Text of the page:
"The Gosnell conviction represents a major setback to Barack Obama's insistence the right of a woman to terminate a pregnancy is absolute, extending even to situations where a baby survives an attempted late-term abortion," WND senior staff reporter and author Jerome Corsi said today after Kermit Gosnell was convicted of three counts of first-degree murder.
The charges stemmed from the deaths of three babies born alive – then killed – in his Philadelphia abortion business.
In writing his 2008 New York Times No. 1 bestseller, "The Obama Nation," Corsi pointed out that Obama, as an Illinois state senator, argued the legitimacy of the abortion practices that are strikingly similar to the medical procedures that got Gosnell convicted.
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In 2001, Obama argued in the Illinois State Senate that a baby who survived a late-term abortion should have been killed, in deference to what Obama argued was a woman's absolute right to an abortion, such that no restriction must be placed on the right of a mother to abort her child.
The Gosnell murder conviction is certain to alter the terms of the abortion debate nationally, raising the issue whether a baby who survives a late term abortion has a right to life, Corsi argued.
In his current bestseller, "Bad Samaritans: The ACLU's Relentless Campaign to Erase Faith from the Public Square," Corsi points out the ACLU has championed abortionists as "heroes of the pro-life movement," an argument that the Gosnell case clearly calls into question.
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"Gosnell's conviction forces into the debate the question whether it is equally first-degree murder if the identical procedure of severing the spinal cord of a living fetus was performed inside the womb," Corsi said.
"Gosnell’s conviction would indicate the procedure was not a legal abortion, but first-degree murder, if performed on the same infant outside the womb."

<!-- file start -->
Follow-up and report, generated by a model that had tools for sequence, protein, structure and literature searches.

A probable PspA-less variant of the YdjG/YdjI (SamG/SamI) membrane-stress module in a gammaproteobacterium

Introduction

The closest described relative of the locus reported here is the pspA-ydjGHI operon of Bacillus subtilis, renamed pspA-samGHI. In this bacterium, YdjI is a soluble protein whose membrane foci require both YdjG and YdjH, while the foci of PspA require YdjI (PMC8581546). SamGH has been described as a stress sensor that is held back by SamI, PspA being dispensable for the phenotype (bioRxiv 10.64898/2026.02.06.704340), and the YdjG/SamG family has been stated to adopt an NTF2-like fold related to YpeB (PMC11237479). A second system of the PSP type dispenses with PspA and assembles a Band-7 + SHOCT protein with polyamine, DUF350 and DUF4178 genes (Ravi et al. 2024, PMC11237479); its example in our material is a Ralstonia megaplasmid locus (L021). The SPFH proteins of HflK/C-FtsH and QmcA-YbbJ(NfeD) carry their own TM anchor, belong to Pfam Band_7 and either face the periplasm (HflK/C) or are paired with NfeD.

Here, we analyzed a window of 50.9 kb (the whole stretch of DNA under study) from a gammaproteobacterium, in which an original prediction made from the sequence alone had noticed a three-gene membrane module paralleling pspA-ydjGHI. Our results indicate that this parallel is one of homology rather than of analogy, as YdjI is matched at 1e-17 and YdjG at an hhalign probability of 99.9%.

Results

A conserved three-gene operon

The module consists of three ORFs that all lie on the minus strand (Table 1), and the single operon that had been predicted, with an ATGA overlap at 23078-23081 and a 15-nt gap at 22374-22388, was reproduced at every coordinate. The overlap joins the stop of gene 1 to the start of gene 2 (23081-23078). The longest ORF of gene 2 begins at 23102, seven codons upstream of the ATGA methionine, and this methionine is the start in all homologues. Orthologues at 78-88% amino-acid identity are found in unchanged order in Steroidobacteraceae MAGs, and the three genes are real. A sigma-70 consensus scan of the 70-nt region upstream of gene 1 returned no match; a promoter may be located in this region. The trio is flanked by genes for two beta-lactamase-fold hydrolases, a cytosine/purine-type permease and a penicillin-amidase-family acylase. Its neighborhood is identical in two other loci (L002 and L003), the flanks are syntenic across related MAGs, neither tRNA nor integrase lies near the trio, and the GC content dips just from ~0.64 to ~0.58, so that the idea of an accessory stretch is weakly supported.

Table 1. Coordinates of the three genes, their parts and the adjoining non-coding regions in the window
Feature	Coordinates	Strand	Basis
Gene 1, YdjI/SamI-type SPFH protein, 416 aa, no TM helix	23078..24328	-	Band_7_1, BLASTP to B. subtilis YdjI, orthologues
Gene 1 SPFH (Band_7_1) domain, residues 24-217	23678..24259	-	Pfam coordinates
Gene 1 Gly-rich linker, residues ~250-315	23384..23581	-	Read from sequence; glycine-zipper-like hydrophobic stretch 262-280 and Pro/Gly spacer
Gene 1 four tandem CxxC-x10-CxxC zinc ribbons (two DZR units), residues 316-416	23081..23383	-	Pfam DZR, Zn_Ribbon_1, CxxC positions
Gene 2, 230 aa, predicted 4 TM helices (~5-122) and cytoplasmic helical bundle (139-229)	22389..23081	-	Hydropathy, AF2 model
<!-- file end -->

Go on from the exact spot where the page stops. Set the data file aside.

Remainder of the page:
The Gosnell conviction also is certain to energize pro-life activists in their efforts to establish the legal basis that a human fetus has the right to life as a "person" under the definitions of the 14th Amendment’s equal rights protections.
Jill Stanek's testimony
Obama had heard the testimony of Illinois nurse Jill Stanek, who testified before Obama's Illinois Senate Judiciary Committee. She related the story of an aborted Down syndrome baby who survived a late-term induced-labor abortion and was abandoned in the hospital's Soiled Utility Room because the baby's parents did not want to hold him.
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"I couldn't bear the thought of this child lying alone in a Soiled Utility Room," Stanek testified before Obama's committee in the Illinois senate. "So, I cradled and rocked him for the 45 minutes that he lived."
Fundamental to Gosnell's argument was that severing the spinal cord of a baby who survived an abortion was not infanticide.
The jury disagreed, finding in three of the four cases the infant was alive outside the womb, having survived the abortion attempt, before Gosnell terminated the infant's life by severing its spinal cord.
Obama argued for killing babies who survive abortions
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When Jill Stanek's testimony went public, the public outcry in Illinois led to the introduction of legislation designed to protect the lives of babies that survive late-term, labor-induced abortions.
On March 30, 2001, Obama was the only Illinois senator who rose to speak against the bill.
A transcript of the Illinois senate session has been archived on the Internet, complete with Obama’s comments as he made them that day on the Illinois senate floor.
Obama objected that if the proposed bill passed so that a mature fetus surviving a late-term labor-induced abortion was deemed to be a person with a right to live, then the proposed law would "forbid abortions to take place."
Obama further explained the equal protection clause of the 14th Amendment does not allow somebody to kill a child, so if the law deemed the fetus who survived a late-term labor-induced abortion was a child that had a right to live, "then this would be an anti-abortion statute."
Not wanting to be the only Illinois state senator to vote against the bill, something Obama realized would be politically unpopular with his constituency, he took the easy way out and voted "Present."
In the Illinois senate, voting "Present" is the equivalent of voting "No," because a bill must have a majority counting only "Yes" votes to pass.
Obama votes for partial-birth abortions
In 1997, Obama voted in the Illinois senate against SB 230, a bill designed to prevent partial-birth abortions.
In a partial birth abortion, the baby is delivered feet first, so the head remains in the mother's womb, allowing the courts to maintain the baby has not yet been born. The doctor then uses surgical instruments to crack the back of the baby's skull, permitting a suction tube to be inserted, so the baby's brain can be removed from the body.